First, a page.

REMOTE ISLANDS OF THE BANDA SEA, INDONESIA BIRDING TOUR: DETAILED ITINERARY
Banda Sea, Indonesia: Day 1 Our Banda Sea birding tour begins in the morning at Labuanbajo airport on the island of Flores.
[You can fly into Labuan Bajo from either Jakarta or Denpasar (Bali). If you need flights and/or hotel bookings, we can assist.]
Here we will board our comfortable schooner, our home for the next 13 nights. After breakfast, we set sail north towards the island of Tanahjampea, our first destination.
As soon as we enter open water good numbers of seabird should entertain us. Red-necked Phalaropes winter here and should be numerous at this time of the year, as should Bulwer’s Petrels and Red-footed Boobies.
On this crossing or elsewhere on the voyage we should encounter Brown Noddy, Sooty and Bridled Terns. Cetaceans are not common but could include Indo-Pacific, Spinner and Spotted Dolphins, and various whales, including Melon-headed Whale, False Killer Whale and Bryde’s Whale.
During this cruise, we will spend a considerable amount of time in open water and the potential of finding something unexpected is high. In recent times, local rarities have been sighted in the Banda Sea, such as Heinroth’s Shearwater, Abbott’s Booby and Aleutian Tern, so we will keep an eye out!
We should arrive very early next morning at Tanahjampea.
Banda Sea, Indonesia: Day 2 The island of Tanahjampea is around 25 kilometres long and situated between the huge islands of Flores and Sulawesi. Its remoteness means that only very few birders have ever visited the island, despite its specialities.
Today we will mainly be looking for three seldom-recorded species; White-tipped Monarch, Tanahjampea Blue Flycatcher and Flores Sea Cuckoo-Dove.
The endangered White-tipped (or Tanahjampea) Monarch is endemic to the island. Tanahjampea Blue Flycatcher (or Tanahjampea Jungle Flycatcher) is endemic to Tanahjampea and nearby Kalaotoa, and was formerly treated as a race of either Mangrove Blue Flycatcher or Sulawesi Blue Flycatcher, depending on the taxonomy followed, but is now treated as a separate species. Flores Sea Cuckoo-Dove, which is endemic to several small islands, was previously part of the Bar-necked Cuckoo-Dove complex.
Other likely species include Sunda Teal, Orange-footed Scrubfowl, Grey-tailed Tattler, Malaysian Plover, Elegant and Pink-headed Imperial Pigeons, Elegant Pitta (of the Flores Sea form virginalis), Sulawesi Myzomela, Arafura (or Supertramp) Fantail, Blue-cheeked Flowerpecker and Olive-backed Sunbird of the form teysmanni (known as ‘Flores Sea Sunbird’).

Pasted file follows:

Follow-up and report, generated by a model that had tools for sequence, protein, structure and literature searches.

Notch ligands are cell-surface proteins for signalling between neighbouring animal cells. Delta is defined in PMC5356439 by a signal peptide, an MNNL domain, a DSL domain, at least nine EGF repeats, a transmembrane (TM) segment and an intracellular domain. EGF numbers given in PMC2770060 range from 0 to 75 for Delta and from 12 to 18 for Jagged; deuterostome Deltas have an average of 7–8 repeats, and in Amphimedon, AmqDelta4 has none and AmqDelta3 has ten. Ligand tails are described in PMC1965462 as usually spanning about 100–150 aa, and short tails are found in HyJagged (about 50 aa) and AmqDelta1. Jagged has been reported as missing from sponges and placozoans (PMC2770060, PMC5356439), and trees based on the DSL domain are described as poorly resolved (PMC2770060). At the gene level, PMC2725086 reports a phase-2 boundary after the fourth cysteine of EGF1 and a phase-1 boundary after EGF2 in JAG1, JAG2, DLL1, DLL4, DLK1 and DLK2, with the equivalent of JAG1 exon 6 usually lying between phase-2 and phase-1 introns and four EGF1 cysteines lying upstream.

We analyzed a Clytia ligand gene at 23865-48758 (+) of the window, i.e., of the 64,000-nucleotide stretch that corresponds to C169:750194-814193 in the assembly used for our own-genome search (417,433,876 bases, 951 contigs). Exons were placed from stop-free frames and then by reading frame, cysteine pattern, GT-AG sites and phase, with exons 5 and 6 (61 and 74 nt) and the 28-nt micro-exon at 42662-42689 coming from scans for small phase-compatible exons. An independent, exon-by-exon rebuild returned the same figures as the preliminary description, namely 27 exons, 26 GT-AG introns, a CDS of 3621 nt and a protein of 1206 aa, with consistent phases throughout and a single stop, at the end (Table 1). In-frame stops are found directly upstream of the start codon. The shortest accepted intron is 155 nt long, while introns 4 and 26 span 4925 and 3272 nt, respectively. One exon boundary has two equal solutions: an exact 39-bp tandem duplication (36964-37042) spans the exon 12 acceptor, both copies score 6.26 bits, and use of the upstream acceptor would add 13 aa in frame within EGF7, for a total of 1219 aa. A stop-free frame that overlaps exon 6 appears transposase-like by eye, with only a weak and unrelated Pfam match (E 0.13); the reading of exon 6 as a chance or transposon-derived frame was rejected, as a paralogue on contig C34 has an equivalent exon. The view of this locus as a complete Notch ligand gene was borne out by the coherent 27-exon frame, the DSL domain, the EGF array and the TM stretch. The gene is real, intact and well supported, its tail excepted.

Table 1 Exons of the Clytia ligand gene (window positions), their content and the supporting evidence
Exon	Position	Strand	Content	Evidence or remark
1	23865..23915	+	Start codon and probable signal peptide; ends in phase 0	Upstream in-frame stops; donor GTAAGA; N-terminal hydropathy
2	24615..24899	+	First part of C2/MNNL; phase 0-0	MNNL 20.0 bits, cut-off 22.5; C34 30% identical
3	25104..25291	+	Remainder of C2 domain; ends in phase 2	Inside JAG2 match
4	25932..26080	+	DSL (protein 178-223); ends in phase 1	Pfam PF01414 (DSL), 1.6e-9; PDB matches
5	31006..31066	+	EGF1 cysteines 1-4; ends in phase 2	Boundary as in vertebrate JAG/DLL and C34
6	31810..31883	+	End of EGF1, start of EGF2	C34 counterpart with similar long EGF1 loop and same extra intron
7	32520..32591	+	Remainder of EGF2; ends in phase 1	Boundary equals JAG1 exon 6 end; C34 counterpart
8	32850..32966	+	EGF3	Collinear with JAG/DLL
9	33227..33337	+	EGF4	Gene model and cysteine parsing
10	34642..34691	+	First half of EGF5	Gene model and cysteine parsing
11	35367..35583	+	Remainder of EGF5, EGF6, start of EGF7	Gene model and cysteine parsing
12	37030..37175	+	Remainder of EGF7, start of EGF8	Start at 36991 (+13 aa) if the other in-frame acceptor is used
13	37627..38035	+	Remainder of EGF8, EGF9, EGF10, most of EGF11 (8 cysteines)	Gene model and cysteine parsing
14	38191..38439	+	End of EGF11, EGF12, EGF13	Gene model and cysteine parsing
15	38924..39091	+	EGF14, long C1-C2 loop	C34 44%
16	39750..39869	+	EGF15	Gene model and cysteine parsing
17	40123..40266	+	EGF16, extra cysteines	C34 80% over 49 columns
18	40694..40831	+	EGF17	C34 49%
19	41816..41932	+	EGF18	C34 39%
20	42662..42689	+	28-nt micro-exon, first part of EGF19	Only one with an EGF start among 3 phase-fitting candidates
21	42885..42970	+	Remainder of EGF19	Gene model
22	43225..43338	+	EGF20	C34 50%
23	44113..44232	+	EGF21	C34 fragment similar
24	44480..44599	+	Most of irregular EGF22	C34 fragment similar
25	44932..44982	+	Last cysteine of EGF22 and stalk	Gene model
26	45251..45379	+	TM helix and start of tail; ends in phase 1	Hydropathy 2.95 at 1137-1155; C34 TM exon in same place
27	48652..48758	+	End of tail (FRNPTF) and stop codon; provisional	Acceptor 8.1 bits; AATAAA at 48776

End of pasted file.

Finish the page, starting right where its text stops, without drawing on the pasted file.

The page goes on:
The nearby island of Kalao hosts yet another endemic, ‘Kalao Blue Flycatcher’, currently subsumed in either Tanahjampea Blue Flycatcher or Mangrove Blue Flycatcher as their subspecies kalaoensis, but almost certainly a different species (it has recently been proposed as a distinct species, based on differences in morphology and vocalisations).
After a full day of birding, we will set sail eastwards towards the island of Kalaotoa, where we will arrive early morning the next day.
Banda Sea, Indonesia: Day 3 An early morning arrival on the island of Kalaotoa will give us another opportunity to find ‘Kalao Blue Flycatcher’ and two distinctive subspecies of Arafura Fantail and Banda Sea Gerygone, which we don’t want to miss in case they get split! We will then sail southwards towards the island of Pantar in the Lesser Sundas.
Banda Sea, Indonesia: Day 4 After sailing through the Banda Sea most of the day, we should arrive at Pantar in the afternoon. We will be birding a complex of dry forest and mangroves, inhabited by typical Lesser Sundas specialities like Elegant Pitta, Barred Dove, Olive-headed Lorikeet, Broad-billed Flycatcher, Flame-breasted Sunbird, Black-fronted Flowerpecker and possibly ‘Alor Cuckooshrike’, currently grouped under Wallacean Cuckooshrike but lacking sexual dimorphism. As dusk falls we will be looking for our main target here, the recently elevated Alor Boobook, which was formerly considered a subspecies of Australian (or Southern) Boobook.
We will then re-embark on our comfortable vessel and sail towards our next island, Alor itself, which we should reach early next morning.
Banda Sea, Indonesia: Day 5 We will spend the whole day on the island of Alor, where the still undescribed ‘Alor Myzomela’ will be our main target. Pristine eucalyptus forest patches still remain near the highest point of the island and are prime habitat for this species.
Other likely birds in this habitat include ‘Eucalypt Cuckoo-Dove’ (still part of the Little Cuckoo-Dove complex, but vocally distinct), Black-backed Fruit Dove, Flores Green Pigeon (not an easy bird on Flores, but more likely here), an isolated Bonelli’s Eagle subspecies, a local form of the Variable Goshawk (already split by Birdlife as Lesser Sundas Goshawk), Olive-headed Lorikeet, Sunda Bush Warbler (the population on Timor and Alor may well represent a different species), and ‘Timor Bush Warbler’ (the latter, currently lumped in Javan Bush Warbler and also known as Sunda Grasshopper Warbler, is nowadays not recorded on tours visiting West Timor).